The Wild West of Distributed Recycling - Conference of Prof. Joshua Pearce.

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Professor Joshua Pearce will give an astonishing conference entitled:

“The Wild West of Distributed Recycling”

Only about 9% of plastic waste generated in the U.S. is recycled; and that was before China stopped accepting mixed plastic waste, so in the short term even less plastic will be recycled. The economics of plastic recycling historically have been challenging and there has been little financial incentive to encourage consumers to recycle their plastic waste. Today, however, new open source technologies enable consumers to become prosumers who can convert plastic waste into high value products. What does waste management look like when prosumers recycle their own waste in their own homes? This presentation will discuss this potential in the fully distributed context based on technical research at Michigan Tech and compare it to semi-distributed recycling in the fab lab context being pioneered at the University of Lorraine.

Date: Wednesday May 15 at 17h30 at Lorraine Fab Living lab , 49 Bd d’Austrasie à Nancy.

Prof. Joshua Pearce Professor in the Materials Science & Engineering and the Electrical & Computer Engineering at Michigan Tech. He currently runs the Michigan Tech in Open Sustainability Technology (MOST) group.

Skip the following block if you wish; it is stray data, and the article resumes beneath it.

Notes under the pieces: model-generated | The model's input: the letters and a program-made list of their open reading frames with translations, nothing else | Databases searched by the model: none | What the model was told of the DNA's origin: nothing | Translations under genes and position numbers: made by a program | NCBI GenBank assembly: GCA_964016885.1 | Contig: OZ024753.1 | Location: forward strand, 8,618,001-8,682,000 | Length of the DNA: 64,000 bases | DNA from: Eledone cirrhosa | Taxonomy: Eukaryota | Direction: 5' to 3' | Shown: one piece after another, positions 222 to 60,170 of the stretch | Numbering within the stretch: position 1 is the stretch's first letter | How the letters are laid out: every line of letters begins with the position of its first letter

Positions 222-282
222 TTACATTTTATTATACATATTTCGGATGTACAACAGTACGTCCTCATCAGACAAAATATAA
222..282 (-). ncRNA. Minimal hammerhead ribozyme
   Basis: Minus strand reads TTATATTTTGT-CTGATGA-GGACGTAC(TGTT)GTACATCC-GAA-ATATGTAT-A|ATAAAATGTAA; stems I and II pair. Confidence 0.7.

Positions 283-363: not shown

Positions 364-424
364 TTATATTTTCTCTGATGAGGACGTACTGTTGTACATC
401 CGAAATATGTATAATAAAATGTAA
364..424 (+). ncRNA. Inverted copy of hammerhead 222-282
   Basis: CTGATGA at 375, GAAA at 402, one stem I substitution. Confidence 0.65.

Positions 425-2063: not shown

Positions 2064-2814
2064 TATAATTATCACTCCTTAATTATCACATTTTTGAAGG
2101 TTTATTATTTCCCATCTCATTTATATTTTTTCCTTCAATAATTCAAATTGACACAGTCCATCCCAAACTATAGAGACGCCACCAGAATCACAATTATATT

He is also an affiliated faculty member in the graduate program in Environmental and Energy Policy at MTU and an adjunct professor in Mech and at Queens University, Canada where I run the Queens Applied Sustainability Group.

His research focuses on open and applied sustainability, which is the application of science and innovation to ensure a better quality of life for all, now and into the future, in a just and equitable manner, whilst living within the limits of supporting ecosystems. Specifically He is interested in exploring the way solar energy can be used to provide clean sustainable electricity through photovoltaic devices and how the sharing of open source hardware and software can create sustainable and equitable means of production (e.g. create open source appropriate technology and other free and open source hardware).